Benimadhab, O Benimadhab,
To your abode I’ll lob;
O Benimadhab, do you still recall me
And that aches you at all?
O Benimadhab, under the Tamal tree
You played flute in musical spree –
While I in Malati school all in gloom
Doing sums at my desk in the classroom;
Outside stands the teacher with her hubby aside
With my lessons I slog inside;
Then just in class nine,
For ‘sari’ I do pine –
Met you at Sulekha’s, O Benimadhab
Upon my first heart throb.
Benimadhab, you a student bright,
From the town arrived, our village to sight –
I’m a girl mere
Complexion no way fair –
Escaped to the next room
As you arrived all in your bloom.
Benimadhab, in a shop serves my father –
Yet, in the woods, around flowers the humming bees gather.
In the evening I do err
In my sums, on freakish spur
Of my passion- for home task not so keen
While in class nine, in my sweet sixteen;
And there by the bridge on the street
Once we sneaked our meet.
Benimadhab, O Benimadhab,
Tell me the truth, do not fob,
Do you still muse
Those days of no use?
Divulged those to your love?
Glimpsed I just once your better half
Under the dazzling light –
For satiety of my sight,
Yet my eyes to blight;
But to truthfully opine,
You two matched fine.
Back home, as passed the spell
I wished both of you well.
Now at night I retire
In the bed spread on the floor there
At the room on the ground floor
Moonlight beams through the window to the door.
The sister next to me
With whomsoever now she be,
Is a pervert- lost wayward
At the crooked bent to the underworld.
Now I’m the sewing teacher local,
Can’t flare up and be vocal;
With my hand to mouth life
Daily is my strife –
How come if I too
Be a base girl with taboo?
Original poem in Bengali by Joy Goswami "Malatibala Balika Vidyalaya (=Malitibala Girls’ School).
As per report of the World Bank, the benefits of ‘Globalization’ has reached only 20% of the populace in India. More frightening is, the economic gap of this 20% with the rest 80% is widening with time. In other words, while the economic affluence of the minority rich is mounting, the rest are drowning into the bottomless abyss of despair.
What is missing in such surveys is, how the dream for a happy home of the countless youths is shattered under this socioeconomic pattern for which we have to fall back on the poets. One may recall Tagore’s poem “Bansi” (=‘Flute’) where the young man oppressed by poverty absconded his nuptial ceremony, thus to save the bride from the misfortune of being his life mate.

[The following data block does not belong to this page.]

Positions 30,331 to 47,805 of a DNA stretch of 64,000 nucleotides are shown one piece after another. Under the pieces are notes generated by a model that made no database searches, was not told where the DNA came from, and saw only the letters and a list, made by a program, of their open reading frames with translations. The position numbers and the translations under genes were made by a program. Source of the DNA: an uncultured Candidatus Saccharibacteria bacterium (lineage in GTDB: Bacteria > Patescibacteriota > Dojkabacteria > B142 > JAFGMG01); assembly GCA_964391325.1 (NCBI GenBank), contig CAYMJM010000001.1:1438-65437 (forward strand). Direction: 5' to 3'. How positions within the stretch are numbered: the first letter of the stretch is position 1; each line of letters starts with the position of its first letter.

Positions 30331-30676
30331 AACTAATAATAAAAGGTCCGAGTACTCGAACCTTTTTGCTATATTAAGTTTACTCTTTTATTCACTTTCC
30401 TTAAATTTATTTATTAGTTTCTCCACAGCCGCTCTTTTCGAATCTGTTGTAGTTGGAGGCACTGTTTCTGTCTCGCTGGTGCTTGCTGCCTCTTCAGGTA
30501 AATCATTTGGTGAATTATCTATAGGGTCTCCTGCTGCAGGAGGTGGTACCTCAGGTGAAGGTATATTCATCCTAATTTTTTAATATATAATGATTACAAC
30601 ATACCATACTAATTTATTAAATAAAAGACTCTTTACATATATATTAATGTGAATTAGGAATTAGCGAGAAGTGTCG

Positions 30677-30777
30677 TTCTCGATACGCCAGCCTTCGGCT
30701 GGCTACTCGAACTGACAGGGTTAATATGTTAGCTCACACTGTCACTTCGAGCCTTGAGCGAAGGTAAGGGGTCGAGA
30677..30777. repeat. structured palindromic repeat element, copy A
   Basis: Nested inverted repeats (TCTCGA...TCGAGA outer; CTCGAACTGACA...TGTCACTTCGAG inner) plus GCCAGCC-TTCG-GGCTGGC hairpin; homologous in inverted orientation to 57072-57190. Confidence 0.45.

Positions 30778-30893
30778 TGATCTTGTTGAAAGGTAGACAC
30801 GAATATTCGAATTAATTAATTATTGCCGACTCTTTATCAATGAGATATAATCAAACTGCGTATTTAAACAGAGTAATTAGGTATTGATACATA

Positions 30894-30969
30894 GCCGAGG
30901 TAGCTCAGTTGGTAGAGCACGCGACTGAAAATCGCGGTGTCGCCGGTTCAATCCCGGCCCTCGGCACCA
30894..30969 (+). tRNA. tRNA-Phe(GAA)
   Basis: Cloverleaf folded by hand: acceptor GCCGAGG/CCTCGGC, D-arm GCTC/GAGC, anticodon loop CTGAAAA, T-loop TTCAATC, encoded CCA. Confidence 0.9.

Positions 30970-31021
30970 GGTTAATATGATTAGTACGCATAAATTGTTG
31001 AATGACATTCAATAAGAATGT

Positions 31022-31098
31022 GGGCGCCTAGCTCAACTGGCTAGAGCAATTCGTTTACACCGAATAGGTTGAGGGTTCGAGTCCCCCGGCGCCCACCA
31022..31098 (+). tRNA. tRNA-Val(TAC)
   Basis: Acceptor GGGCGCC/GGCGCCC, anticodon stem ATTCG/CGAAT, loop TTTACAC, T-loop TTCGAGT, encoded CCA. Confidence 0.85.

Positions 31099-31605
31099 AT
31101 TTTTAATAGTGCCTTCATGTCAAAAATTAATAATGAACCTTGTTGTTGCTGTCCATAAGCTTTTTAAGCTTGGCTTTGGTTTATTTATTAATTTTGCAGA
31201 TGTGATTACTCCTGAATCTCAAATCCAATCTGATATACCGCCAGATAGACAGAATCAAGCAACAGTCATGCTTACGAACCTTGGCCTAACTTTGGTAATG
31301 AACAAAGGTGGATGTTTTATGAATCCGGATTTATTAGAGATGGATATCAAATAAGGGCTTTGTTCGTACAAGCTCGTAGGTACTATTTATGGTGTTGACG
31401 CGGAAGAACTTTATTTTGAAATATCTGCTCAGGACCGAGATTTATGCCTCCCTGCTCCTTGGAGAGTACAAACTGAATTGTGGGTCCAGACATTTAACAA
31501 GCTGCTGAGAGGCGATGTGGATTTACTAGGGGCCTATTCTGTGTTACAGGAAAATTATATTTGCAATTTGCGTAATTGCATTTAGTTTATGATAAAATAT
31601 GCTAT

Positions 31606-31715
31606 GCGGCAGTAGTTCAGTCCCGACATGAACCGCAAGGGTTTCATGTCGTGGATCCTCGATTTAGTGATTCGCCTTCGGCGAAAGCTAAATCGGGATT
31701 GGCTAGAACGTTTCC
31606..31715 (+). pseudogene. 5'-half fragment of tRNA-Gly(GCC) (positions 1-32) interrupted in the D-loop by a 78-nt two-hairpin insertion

“That very hour I did abscond;
Thus the lass eluded my bond;
And I backed to square one
Her passage to my abode to shun
To my dismay;
Though she visits my mind every day
Clad in Dhakai Sari
Forehead with vermilion smeary.”
Only this nostalgia could be the sustenance of the young man for the rest of his life.
Further, Tagore’s “Sadharan Meye” (=A Commonplace Girl) may be recalled where the fiancée of a middle class girl went over to England (for higher study) only to be beguiled by the glamour of the foreign beauties there and became amnesiac of his fiancée at home. The commonplace girl implores to Saratchandra (the renowned novelist at that time, still a bright star in Bengali literature with his great fame for his empathetic novels particularly on tragedy of women) to write a story whose central character would be a girl (to be named Malati, the imploring girl’s namesake) forgotten and neglected by her fiancée (to be named Naresh, again namesake of the treacherous lover), similarly beguiled by the women abroad. But, the girl warns Saratchandra, if he stops there, it would blemish his image of a great novelist. So, as ‘Saratchandra is not a miser like God’, he should stretch his story further where Malati would score brilliant result in the Calcutta University, and on invitation from abroad, would attend scholarly conferences there and Naresh (having repeatedly failed his exams. there), along with his foreign girl friends, would in amazement be witnessing from far in the hall Malati being awarded accolades.
But, Joy Goswami’s heroine has no room for such fancy even amidst her grinding poverty. Her younger sister has opted for the underworld. So, questions the heroine her modern Dushyanta (the king in the classic Sanskrit story who had forgotten his fiancée Sakuntala) –
“How come if I too
Be a base girl with taboo?”